Physical activity was assessed using an Accusplit AE120 pedometer (Accusplit Inc, San Jose, CA) which has been shown to be a valid and reliable assessment tool for assessing step counts in a variety of laboratory and field settings.26–33 Participants received a pedometer, instructions for wearing the pedometer, and an activity diary at their clinical examination and were asked to wear the pedometer for 7 consecutive days (5 weekdays and 2 weekend days) and to record the number of steps taken daily in an activity diary. There has been some suggestion that spring-lever pedometer accuracy may be compromised in individuals with large BMIs or excess frontal body mass where the pedometer may not remain upright in the vertical plane.34 To ensure that participants wore the pedometer correctly, clinic staff members were trained to instruct participants with large BMIs or excess frontal body mass, which may impede the pedometer from working properly, to wear the monitor on the small of the back on the posterior mid-line of the thigh.35 Moving the pedometer to the back may aid in keeping the pedometer upright therefore reducing reporting errors. This procedure was used only in rare cases when the pedometer failed to meet acceptable standards after a 100 step accuracy test. At the end of the 7-day period, participants were asked to return their pedometer diary to the clinic in a postage paid envelope. The mean number of steps the participant takes per day was calculated by averaging the number of steps recorded each day during the 7-day period. Since previous research has suggested that 3 days of activity can provide a sufficient estimate of weekly physical activity36; participants with 3 or more days of data were included in the study. Steps per day averaged over the week was calculated for any person who had data for 3 or more days, taking the sum of steps per day divided by the number of available days.
Body composition measures were determined using anthropometry. All measurements were taken over a scrub suit or light clothing with the participant’s bladder empty and shoes removed. Body weight was measured using a Tanita BWB-800 5 Adult Digital Scale (Tanita Corp. of America, Arlington Heights, IL) and measures were recorded to the nearest kilogram. Height was recorded using a vertical mounted ruler and measures were recorded to the nearest centimeter. BMI was calculated from height and weight and expressed as kilogram/meters2 and was broken down into categories based on NHLBI cutpoints for overweight and obesity: normal (< 24.9 kg/m2), overweight (25–29.9 kg/m2), obese (30–34.9 kg/m2), obesity I (35 – 39.9 kg/m2 ) and obesity II (≥ 40 kg/m2). Waist measurements were obtained using an anthropometric tape applied at the level of the umbilicus with the patient supine and breathing quietly and recorded to the nearest centimeter.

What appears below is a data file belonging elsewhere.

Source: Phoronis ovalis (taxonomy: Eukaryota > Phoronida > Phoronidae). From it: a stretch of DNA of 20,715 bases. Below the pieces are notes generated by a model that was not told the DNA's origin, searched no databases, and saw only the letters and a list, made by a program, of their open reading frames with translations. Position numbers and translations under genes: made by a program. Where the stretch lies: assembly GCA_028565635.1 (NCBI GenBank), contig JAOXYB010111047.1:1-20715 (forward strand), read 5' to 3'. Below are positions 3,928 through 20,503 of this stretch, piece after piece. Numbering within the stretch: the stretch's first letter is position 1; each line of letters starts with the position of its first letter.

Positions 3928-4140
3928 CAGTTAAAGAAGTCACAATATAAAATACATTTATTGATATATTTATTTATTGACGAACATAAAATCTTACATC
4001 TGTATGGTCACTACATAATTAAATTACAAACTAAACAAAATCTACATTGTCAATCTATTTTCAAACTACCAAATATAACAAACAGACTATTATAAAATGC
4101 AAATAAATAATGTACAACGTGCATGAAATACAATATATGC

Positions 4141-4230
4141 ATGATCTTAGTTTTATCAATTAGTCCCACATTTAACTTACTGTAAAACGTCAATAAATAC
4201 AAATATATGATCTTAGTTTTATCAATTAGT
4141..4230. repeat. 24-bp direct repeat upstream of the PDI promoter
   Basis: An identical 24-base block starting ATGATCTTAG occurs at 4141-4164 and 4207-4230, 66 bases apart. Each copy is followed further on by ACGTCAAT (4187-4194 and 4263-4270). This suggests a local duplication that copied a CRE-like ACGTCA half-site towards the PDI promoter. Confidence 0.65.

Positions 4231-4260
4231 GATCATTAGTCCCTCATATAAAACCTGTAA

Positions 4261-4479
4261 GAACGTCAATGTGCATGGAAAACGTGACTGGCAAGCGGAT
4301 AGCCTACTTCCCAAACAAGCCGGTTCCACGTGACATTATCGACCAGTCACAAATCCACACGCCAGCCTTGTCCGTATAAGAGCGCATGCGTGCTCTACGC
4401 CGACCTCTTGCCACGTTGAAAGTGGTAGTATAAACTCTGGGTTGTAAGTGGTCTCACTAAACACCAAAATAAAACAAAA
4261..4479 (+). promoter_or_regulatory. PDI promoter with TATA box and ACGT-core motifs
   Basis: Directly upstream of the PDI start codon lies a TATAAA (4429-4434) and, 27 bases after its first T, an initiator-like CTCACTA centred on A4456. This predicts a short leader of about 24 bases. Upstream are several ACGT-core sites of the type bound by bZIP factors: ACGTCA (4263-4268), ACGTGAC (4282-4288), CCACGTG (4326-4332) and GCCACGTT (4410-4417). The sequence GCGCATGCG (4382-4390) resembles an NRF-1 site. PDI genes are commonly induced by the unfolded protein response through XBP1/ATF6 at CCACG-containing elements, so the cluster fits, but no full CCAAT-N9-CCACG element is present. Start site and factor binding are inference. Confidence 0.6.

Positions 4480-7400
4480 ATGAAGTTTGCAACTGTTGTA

Descriptive statistics were calculated for the cohort in total and separately by gender and age group. All continuous data were assessed for normality. Depending on normality assessment of the variable, ANOVA or Kruskal-Wallis tests were used to describe and compare differences among age groups (18–29, 30–39, 40–49, 50–59, 60–69, and ≥70 years) separately by gender (male/female). Normally distributed data are reported as mean (SD), non-normal variables as median (25th, 75th percentile). Pedometer data were found to be skewed and natural log transformed prior to analyses. Jonckheere-Terpstra tests were used to estimate the linear trend in physical activity levels across age groups stratified by gender. Pearson partial correlation coefficients adjusted for age were used to evaluate the association of physical activity determined by pedometer steps and anthropometric measures such as BMI, waist and hip circumference, and waist-to-hip ratio for the cohort stratified by gender. Statistical analyses were performed using Statistical Analysis Software, version 8.2. Significance was considered as a P-value <0.05.
To aid in interpretation of the findings, analyses were limited to healthy participants aged ≥18 years who had a minimum of 3 days of pedometer data and BMI data. Healthy participants were considered to be any that did not report a severe chronic disease or disability that may limit their physical activity level. Therefore, participants were eliminated from the analyses if they reported having any of the following conditions that may limit their physical activity: rheumatic heart disease, renal dialysis, kidney failure, cirrhosis of the liver, emphysema, above or below knee amputation, or unable to walk. In addition, those individuals were eliminated whose average number of steps per day was less than 1000 (n=123). Eliminating values this low is not uncommon since they may be considered beyond that expected in people that are physically inactive and may likely reflect not wearing the monitor.
A total of 3665 participants were enrolled in the Strong Heart Family Study. Of these participants, 2604 men and women (71% of the Phase IV Cohort) aged 18–91 years met the inclusion criteria and were included in the analyses. Table 1 presents the descriptive characteristics of the entire sample stratified by gender (male/female) and by age group (18–29, 30–39, 40–49, 50–59, 60–69, and ≥70 years).